A few weeks ago, I wrote the first of what I anticipate to be several related entries on the nature of church.  I talked about two understandings of this word, one which is probably more common, and related to a specific, local entity called a church.  The other understanding is more nebulous – the Church is the body of all believers in Jesus Christ.  And I talked about how the purpose of any local Christian church is to facilitate and help it’s members to membership in this latter, universal Church.

The problem, however, is that the very way that we conceive of a local entity called a church virtually ensures that the number one priority of that church will not be trying to increase or solidify membership in the church universal.  The church will say this is it’s number one priority, and there will be many people (God willing!) who earnestly believe or desire this to be true.  But the brutal fact of the matter is that at the end of the day, the number one priority is that the church will be there the following day.  And the following week and month and year and decade. 

The number one priority of pretty much any church (I’m praying there are exceptions, and hoping you will point me to some!) is survival. 

There are some logical arguments about why this could be justified.  For example, if a local church weren’t concerned about it’s ongoing ministry, it could be argued it would be too insubstantial or ill-equipped to be sharing the Gospel effectively.  By ensuring that a church has staying power, it can be asserted that the church will continue to make an impact in people’s lives.  Maybe that’s a valid argument.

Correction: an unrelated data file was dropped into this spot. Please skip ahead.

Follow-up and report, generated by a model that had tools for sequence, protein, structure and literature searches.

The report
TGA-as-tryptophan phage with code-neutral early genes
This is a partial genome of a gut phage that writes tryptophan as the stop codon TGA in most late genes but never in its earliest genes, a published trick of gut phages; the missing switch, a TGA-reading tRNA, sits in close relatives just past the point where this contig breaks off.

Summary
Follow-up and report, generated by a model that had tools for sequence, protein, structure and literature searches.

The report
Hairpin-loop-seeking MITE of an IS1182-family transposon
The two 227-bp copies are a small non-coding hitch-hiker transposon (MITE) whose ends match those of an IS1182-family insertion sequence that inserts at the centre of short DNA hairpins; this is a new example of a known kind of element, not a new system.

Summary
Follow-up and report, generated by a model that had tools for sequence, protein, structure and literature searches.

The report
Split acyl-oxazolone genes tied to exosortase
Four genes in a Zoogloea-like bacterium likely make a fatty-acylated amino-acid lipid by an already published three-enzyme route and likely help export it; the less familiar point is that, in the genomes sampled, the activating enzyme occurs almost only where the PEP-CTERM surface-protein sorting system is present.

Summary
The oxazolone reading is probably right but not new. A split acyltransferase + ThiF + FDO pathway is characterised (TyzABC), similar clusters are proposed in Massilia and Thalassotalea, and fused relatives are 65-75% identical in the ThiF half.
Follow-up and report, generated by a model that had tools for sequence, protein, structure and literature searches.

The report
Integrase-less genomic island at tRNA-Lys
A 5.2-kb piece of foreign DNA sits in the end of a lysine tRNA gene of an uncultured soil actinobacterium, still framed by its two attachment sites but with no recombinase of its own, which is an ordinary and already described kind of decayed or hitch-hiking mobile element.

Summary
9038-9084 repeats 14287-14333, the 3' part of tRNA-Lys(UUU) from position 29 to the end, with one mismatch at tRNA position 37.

But before we go into arguments about whether or not this is a good thing, we have to be honest enough to say that the primary preoccupation of a local church entity is self-preservation.  Once we admit this, we can move forward into thinking about what that means about how or what or why a church does what it does.  Some churches are well enough off that their survival is not necessarily the main issue on everyone’s mind.  In many more churches, I suspect, this concern is near the top of everyone’s mind who knows what’s going on in the church.  We hate to say it.  We feel guilty saying it.  And yet there it is.  Whether you’re planting a church or continuing a church, the number one issue to be dealt with is not the Gospel, but with self-preservation and that crucial critical mass of attendance figures or giving figures that reasonably cause you to assume that this church can continue operating for another set period of time.

Scripturally we are led to reasonably conclude that a church is going to have some staying power.  Paul spends a fair amount of time talking with people about how to do church.  1Corinthians 9-14 deals with many different issues related to how a church acts or what a church believes.  The second half of Galatians deals with how a church should act and believe, along with Ephesians 4-5 and the latter part of Colossians.  1Timothy 2-3 deals directly with church life.  And the very fact that Paul is able to write to groups of Christians in specific locations leads us to expect that a local church will have some permanence, some continuity of ministry.  And Scripture doesn’t show us whether these first churches had self-preservation as their foremost goal or not.

I find it problematic that survival is the first goal of probably every church.  Does anyone else? 

Call Me Goofy, But…

April 9, 2010

So, you choose to attend a college called Trinity, and then are incensed when the diploma mentions Jesus Christ

I’m sure there are some that would find this to be some sort of bizarre coincidence, a further example of how for greater understanding and peacefulness, an institution needs to modify it’s practices so that nobody is offended.  I’m sure to many this only makes sense.  What’s the big deal?